Back to School Brings New Health Threat in NJ, and Its Not COVID
Kids going back to school could be fueling a spike in a viral infection that is sending growing numbers of children to the emergency room with breathing difficulty.
The U.S. Center for Disease Control and Prevention continues to report a spike in enterovirus.
In the majority of infections, children present with cold-like symptoms, but this year New Jersey and a handful of other states are seeing an increase in severe reactions. This includes respiratory distress and weakness in their arms and legs.
Enterovirus is a cousin of the polio virus, and in very rare cases can even cause meningitis, an infection of the covering of the spinal cord and brain.
Both the CDC and the New Jersey Department of Health have issued advisory alerts to state pediatricians and hospitals.
Several New Jersey hospitals are reporting a spike in cases, and some have their pediatric intensive care units at or near capacity.
Children who have asthma and other respiratory complications and those recovering from COVID-19 are more likely to develop severe symptoms from an enterovirus infection.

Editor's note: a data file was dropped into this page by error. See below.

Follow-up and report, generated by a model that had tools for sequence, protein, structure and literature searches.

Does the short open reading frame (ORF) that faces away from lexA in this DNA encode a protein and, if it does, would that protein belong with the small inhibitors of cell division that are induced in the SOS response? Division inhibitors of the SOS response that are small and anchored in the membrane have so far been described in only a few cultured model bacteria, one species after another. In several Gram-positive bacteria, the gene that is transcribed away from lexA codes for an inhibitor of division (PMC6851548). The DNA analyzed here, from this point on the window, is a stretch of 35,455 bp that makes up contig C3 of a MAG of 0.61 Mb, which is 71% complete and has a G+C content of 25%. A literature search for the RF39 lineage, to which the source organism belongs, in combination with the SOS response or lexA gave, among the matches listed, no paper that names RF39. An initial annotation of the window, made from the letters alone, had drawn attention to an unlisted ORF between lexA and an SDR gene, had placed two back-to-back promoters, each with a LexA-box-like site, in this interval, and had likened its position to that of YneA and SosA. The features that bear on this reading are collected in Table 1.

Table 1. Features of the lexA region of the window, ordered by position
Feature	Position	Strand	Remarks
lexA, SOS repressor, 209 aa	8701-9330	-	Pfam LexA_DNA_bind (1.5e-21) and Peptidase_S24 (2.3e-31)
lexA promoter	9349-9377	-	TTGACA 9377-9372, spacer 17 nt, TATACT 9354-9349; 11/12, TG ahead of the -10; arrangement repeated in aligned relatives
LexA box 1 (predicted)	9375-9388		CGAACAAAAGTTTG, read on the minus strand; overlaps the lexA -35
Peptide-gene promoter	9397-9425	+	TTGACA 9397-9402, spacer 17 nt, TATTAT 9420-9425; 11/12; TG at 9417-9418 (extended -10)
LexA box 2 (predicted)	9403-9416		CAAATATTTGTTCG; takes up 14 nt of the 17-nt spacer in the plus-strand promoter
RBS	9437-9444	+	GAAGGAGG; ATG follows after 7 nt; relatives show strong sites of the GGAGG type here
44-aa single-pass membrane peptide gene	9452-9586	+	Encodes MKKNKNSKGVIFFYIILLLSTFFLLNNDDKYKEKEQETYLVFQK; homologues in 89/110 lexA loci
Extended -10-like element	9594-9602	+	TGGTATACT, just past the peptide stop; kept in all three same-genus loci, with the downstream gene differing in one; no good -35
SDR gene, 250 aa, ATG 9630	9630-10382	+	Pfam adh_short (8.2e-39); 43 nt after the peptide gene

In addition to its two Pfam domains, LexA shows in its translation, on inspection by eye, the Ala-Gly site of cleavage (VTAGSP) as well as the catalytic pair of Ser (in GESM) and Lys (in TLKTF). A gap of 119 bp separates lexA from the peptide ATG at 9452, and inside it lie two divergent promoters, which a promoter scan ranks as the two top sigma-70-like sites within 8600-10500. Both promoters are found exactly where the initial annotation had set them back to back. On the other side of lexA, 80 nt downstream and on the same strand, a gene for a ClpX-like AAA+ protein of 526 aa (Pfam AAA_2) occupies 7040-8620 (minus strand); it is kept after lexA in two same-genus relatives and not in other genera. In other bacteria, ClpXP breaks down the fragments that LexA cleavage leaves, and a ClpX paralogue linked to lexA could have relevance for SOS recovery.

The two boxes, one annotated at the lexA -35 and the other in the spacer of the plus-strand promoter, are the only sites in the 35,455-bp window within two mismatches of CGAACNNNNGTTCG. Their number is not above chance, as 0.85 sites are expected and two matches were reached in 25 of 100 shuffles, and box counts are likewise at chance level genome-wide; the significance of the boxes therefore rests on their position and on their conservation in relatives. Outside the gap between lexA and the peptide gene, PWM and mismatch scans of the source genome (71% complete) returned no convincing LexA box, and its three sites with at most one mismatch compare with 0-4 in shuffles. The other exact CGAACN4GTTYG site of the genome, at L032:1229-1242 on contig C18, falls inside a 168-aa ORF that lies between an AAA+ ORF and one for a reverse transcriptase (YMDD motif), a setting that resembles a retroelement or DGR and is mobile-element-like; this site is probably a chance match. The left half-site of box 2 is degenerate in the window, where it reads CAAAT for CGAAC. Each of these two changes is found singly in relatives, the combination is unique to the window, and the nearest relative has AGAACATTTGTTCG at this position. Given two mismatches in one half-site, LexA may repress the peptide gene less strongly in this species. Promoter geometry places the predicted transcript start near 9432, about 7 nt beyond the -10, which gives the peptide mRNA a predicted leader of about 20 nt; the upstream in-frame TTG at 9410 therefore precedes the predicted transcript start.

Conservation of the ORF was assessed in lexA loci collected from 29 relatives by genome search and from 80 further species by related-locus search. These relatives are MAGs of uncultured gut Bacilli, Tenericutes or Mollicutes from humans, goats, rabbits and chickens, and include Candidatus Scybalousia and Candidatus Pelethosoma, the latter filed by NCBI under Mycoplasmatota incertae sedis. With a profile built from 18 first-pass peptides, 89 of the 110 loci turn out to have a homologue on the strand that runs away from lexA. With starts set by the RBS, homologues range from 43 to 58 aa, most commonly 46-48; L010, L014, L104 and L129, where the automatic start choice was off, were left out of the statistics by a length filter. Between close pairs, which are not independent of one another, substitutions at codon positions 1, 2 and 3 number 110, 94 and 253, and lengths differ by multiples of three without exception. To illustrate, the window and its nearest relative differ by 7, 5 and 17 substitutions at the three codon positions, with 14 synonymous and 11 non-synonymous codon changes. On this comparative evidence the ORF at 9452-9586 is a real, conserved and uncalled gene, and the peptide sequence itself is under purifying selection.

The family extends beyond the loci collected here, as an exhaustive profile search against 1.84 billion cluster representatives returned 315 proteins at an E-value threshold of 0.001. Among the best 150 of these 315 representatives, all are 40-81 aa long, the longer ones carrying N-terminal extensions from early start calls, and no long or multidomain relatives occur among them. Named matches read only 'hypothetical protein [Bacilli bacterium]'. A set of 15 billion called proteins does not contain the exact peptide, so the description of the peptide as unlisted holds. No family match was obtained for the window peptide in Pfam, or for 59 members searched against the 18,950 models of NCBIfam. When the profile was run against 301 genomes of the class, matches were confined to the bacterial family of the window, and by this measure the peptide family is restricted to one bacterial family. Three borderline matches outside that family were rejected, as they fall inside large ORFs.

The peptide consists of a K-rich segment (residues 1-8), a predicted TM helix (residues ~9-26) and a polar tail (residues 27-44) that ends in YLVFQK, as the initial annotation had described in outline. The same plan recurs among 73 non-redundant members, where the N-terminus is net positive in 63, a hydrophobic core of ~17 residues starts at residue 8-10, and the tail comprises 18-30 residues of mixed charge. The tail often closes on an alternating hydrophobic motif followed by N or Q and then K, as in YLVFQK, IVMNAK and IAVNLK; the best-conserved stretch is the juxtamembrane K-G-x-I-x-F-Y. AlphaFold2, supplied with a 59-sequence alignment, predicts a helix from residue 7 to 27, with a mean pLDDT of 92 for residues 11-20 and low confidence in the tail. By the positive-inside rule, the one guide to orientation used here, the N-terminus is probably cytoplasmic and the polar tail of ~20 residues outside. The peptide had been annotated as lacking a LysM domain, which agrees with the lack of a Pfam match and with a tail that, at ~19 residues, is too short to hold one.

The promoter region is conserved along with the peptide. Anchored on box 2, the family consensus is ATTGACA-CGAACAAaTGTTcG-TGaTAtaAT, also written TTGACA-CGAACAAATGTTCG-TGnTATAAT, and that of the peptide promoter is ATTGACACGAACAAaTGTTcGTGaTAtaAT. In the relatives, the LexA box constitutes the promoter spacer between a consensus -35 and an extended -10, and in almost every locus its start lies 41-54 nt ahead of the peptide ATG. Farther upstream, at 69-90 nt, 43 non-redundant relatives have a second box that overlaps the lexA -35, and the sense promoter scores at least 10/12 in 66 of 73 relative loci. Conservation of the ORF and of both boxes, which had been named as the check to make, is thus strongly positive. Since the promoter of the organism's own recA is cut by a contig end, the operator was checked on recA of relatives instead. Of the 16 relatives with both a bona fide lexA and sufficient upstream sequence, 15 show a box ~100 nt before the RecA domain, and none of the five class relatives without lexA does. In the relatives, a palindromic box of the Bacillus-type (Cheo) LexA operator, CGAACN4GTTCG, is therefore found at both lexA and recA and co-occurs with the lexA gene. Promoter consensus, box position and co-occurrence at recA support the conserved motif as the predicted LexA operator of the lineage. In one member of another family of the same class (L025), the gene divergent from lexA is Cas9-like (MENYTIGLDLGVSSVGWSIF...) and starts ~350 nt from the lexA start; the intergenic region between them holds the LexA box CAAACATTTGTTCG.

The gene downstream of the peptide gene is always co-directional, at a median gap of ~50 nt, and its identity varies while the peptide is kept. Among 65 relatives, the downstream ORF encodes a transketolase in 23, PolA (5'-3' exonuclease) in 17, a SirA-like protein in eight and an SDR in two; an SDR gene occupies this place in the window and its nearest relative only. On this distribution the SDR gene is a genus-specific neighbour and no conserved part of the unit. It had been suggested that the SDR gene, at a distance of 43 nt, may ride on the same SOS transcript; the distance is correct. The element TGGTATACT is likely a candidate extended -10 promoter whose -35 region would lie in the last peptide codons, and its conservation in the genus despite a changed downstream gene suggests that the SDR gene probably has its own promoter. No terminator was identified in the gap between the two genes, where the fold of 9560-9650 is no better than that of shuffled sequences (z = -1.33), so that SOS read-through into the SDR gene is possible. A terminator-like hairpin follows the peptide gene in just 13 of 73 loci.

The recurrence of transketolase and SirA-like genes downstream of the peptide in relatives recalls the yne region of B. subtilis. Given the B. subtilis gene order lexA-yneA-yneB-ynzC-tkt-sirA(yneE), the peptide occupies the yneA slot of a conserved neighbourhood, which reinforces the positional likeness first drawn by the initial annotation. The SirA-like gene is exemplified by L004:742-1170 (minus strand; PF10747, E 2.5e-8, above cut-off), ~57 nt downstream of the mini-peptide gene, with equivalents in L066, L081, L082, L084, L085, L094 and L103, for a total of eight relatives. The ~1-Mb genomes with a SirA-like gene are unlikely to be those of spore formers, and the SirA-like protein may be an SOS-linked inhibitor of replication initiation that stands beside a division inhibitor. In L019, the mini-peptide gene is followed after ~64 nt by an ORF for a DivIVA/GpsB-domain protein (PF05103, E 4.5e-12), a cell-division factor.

According to the CDC website: Infections with non-polio enteroviruses are common in the United States during summer and fall. A mix of enteroviruses circulates every year, and different types can be common in different years.
The severe illness associated with this strain of enterovirus seems to peak every few years.
Prevention measures, according to the CDC, include:
- Wash hands often with soap and water for at least 20 seconds.
- Avoid touching eyes, nose, and mouth with unwashed hands.
- Avoid close contact, such as kissing, hugging, and sharing cups or eating utensils, with people who are sick.
- Cover your coughs and sneezes with a tissue or shirt sleeve, not your hands.
- Clean and disinfect frequently touched surfaces, such as toys, doorknobs, and cell phones, especially if someone is sick.
- Stay home when you are sick and keep sick children out of school.
If your child exhibits cold-like symptoms, it could be a common cold, allergies or a mild enterovirus infection. Consult with your pediatrician.
However, if you notice they are having trouble breathing, seek urgent medical attention.